Two Paths: Discover the Way that Leads to Life Excerpts from Chapter 1: Choosing Your Path
You make known to me the path of life; in your presence there is fullness of joy; at your right hand are pleasures forevermore. ~ Psalm 16:11
Get Wisdom Most people don’t understand their crucial need for wisdom and discernment, especially in this information—and misinformation—age. Look at Proverbs 4:7–8:
“The beginning of wisdom is this: Get wisdom, and whatever you get, get insight. Prize her highly, and she will exalt you; she will honor you if you embrace her.”
The very beginning of becoming wise is to realize that you need wisdom! “Get wisdom … get insight. Prize her highly …” So where do we find wisdom?
Not long ago, my wife, Leanne, and I decided to kayak on Pitt Lake, just a twenty-minute drive from where we live, yet new for us. I had heard from others that there was a lovely river and campground accessible on the other side of the lake. I quickly looked at a map, and it seemed straightforward: cross the lake and paddle up the stream to the campground. However, after we crossed the lake, I couldn’t see any river opening. We turned north and traveled along the shore until we found the mouth of a creek, but it didn’t go anywhere and quickly became too shallow. So we turned south and eventually found the river behind a little island I had overlooked on the map. By this time, it was getting late, so we paddled back across the lake and went home.
BONUS TIP: Hoping for the best should never be called a plan.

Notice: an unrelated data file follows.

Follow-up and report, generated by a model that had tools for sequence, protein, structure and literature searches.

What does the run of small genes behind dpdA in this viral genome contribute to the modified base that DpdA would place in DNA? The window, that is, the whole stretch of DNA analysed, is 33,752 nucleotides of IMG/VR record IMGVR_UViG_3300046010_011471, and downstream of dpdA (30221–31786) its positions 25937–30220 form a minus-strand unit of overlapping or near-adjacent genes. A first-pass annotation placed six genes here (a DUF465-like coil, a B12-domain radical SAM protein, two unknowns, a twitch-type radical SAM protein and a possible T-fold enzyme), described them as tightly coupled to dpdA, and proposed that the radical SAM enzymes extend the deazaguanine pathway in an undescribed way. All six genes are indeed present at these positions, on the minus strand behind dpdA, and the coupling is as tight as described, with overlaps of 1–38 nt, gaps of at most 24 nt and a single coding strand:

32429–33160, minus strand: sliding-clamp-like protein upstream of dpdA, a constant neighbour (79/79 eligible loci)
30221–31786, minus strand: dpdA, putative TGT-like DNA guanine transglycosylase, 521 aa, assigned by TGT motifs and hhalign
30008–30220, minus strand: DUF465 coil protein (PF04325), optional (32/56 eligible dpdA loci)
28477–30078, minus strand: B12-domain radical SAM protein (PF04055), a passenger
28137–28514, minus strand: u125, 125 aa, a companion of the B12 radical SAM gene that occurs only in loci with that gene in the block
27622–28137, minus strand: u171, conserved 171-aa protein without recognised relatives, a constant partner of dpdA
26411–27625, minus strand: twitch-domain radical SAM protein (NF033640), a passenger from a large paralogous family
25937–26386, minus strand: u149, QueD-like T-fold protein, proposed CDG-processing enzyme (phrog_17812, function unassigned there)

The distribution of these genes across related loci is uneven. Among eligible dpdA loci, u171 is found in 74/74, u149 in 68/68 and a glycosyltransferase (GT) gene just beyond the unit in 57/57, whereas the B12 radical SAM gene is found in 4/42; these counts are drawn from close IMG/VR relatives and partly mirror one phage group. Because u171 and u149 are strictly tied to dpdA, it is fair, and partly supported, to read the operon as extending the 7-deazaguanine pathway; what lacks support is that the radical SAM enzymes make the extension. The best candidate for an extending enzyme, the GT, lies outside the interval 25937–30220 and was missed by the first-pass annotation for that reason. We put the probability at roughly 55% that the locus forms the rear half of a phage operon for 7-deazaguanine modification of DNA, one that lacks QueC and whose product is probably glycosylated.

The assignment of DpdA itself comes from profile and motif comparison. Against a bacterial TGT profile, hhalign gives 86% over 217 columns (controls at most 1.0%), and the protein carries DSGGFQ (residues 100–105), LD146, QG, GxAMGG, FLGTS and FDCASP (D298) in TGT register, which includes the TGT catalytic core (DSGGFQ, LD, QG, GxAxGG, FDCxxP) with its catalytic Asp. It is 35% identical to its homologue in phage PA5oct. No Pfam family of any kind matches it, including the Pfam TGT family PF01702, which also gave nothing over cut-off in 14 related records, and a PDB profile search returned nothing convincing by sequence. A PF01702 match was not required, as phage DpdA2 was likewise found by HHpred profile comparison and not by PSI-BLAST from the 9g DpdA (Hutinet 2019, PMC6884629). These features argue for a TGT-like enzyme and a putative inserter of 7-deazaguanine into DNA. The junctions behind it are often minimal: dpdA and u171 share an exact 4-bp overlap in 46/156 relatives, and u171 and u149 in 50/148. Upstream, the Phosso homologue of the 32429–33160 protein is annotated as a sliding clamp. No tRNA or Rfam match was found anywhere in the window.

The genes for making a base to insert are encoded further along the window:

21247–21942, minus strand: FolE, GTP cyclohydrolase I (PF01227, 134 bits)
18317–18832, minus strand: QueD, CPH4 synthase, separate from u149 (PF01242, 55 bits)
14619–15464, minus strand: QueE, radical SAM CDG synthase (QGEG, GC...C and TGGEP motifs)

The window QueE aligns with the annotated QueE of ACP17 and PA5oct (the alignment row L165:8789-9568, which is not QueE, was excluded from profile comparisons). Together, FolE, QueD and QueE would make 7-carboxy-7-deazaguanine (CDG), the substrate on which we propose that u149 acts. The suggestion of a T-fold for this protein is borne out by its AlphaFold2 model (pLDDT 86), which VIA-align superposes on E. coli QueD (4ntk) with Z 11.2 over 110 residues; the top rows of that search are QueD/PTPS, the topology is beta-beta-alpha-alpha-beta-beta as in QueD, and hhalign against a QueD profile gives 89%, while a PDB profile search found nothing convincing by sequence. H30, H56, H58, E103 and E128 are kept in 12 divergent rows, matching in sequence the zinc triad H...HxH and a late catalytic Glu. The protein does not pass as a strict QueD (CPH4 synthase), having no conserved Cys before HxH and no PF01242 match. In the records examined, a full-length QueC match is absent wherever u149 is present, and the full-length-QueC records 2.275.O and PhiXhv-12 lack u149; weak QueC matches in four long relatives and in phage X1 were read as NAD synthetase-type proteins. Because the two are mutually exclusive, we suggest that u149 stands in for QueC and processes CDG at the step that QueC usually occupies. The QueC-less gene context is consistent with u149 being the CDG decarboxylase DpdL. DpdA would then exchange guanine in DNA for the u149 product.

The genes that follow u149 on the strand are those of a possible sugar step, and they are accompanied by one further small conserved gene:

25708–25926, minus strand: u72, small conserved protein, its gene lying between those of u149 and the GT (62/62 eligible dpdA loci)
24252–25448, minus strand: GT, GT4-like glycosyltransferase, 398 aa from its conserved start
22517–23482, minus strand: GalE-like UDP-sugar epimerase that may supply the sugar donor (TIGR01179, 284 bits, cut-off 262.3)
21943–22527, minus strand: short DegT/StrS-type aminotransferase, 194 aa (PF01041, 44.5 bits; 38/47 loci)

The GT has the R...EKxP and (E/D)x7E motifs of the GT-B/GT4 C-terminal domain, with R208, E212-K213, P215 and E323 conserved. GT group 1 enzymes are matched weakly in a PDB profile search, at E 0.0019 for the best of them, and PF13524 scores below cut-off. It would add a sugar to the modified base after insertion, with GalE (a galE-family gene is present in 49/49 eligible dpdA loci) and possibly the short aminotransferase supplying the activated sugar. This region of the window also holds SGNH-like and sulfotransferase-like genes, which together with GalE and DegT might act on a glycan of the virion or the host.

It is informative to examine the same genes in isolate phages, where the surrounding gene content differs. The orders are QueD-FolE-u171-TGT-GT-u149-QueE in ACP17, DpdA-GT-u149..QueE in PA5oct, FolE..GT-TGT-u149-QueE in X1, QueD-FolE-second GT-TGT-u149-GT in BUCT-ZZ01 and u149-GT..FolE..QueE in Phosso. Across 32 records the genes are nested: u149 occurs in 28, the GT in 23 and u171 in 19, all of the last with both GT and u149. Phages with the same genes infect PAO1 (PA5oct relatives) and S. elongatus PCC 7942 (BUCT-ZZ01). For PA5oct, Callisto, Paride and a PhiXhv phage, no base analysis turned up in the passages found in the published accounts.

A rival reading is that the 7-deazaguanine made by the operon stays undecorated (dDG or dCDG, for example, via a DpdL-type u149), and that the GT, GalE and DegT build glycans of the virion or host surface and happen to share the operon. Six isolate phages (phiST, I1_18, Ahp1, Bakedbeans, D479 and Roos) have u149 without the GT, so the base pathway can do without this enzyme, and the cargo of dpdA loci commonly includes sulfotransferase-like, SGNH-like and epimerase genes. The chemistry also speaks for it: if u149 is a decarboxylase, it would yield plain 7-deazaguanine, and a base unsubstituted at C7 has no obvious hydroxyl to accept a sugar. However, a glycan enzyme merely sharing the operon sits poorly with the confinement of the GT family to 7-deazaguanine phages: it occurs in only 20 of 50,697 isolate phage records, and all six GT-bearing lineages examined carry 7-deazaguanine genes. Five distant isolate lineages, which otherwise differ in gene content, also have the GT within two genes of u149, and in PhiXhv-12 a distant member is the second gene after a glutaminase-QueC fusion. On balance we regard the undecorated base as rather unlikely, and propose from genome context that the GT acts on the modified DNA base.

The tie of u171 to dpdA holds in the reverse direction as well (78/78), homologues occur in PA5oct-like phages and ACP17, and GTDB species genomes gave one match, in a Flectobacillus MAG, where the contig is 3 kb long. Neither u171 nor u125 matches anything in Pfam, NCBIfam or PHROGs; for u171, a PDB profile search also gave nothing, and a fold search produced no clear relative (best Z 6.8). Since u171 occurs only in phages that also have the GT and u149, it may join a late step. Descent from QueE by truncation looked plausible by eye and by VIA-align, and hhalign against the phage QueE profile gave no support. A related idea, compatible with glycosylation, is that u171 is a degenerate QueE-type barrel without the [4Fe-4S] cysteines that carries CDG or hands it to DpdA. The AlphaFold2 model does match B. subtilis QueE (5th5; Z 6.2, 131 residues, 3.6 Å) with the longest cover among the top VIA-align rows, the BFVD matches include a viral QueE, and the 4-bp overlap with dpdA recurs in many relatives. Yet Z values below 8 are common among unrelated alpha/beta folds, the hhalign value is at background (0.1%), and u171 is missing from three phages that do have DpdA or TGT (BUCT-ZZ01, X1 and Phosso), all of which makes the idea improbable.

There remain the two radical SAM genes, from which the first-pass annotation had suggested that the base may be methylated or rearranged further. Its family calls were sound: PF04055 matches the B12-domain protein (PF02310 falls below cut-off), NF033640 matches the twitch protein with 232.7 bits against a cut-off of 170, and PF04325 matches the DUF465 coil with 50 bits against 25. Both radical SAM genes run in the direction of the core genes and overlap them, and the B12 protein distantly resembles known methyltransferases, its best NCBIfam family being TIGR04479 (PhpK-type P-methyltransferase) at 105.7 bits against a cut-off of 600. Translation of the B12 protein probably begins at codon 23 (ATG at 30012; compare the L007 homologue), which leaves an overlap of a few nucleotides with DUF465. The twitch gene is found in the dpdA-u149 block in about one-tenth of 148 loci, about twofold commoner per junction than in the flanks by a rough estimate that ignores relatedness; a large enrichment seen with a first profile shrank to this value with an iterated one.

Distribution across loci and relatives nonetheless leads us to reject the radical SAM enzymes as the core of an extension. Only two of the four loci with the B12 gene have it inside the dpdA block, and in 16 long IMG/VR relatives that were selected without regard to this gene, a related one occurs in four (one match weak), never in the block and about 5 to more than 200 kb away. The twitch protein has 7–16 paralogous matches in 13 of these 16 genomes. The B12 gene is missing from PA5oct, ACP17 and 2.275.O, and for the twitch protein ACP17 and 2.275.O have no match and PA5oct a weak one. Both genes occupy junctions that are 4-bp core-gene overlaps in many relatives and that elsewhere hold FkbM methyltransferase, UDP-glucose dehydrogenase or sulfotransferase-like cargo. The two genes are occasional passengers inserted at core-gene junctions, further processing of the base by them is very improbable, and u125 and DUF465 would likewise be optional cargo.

You can be sure the next time we went to Pitt Lake—on a beautiful, sunny day in October—I was much more prepared! I studied a map carefully, noted a better angle to cross the lake, and ensured I knew how far it was up to the campground. As expected, we easily found the river opening and proceeded up the river.
At one point, we could choose between two river channels that looked relatively equal in depth and width. I suddenly wished I had a map with me, but fortunately, as we got closer, we saw a sign pointing to the left for the campground. So helpful!
We continued up the river, laughing and having a great time. However, it was still quite far, and I wondered if we should turn back soon. Just as I was about to give up and turn around, two guys in a canoe came around a bend towards us, so I asked them how far to the campsite. “Like, two hundred meters,” they said, “just around that bend.” Great! So we paddled a little further, found the campsite, had a nice little break wandering around, took a few photos, ate a snack, and headed back.
What did it take for us to get to the campsite? A map, a sign, and a couple of friendly canoers. Then it just took some effort paddling. Similarly, we find wisdom through the maps, signs, and people God provides for us. His Word is like a map, his Spirit in us is like a sign, and his people—the community of believers—are also there to help us, encourage us, and keep us headed in the right direction. Wisdom comes from him.
. . .
One of the most foolish things I’ve done was choosing to ride my motorcycle to college, riding 1,500 kilometers in just over a day. I had just finished an exhausting summer at camp, and I needed to get to school in thirty hours.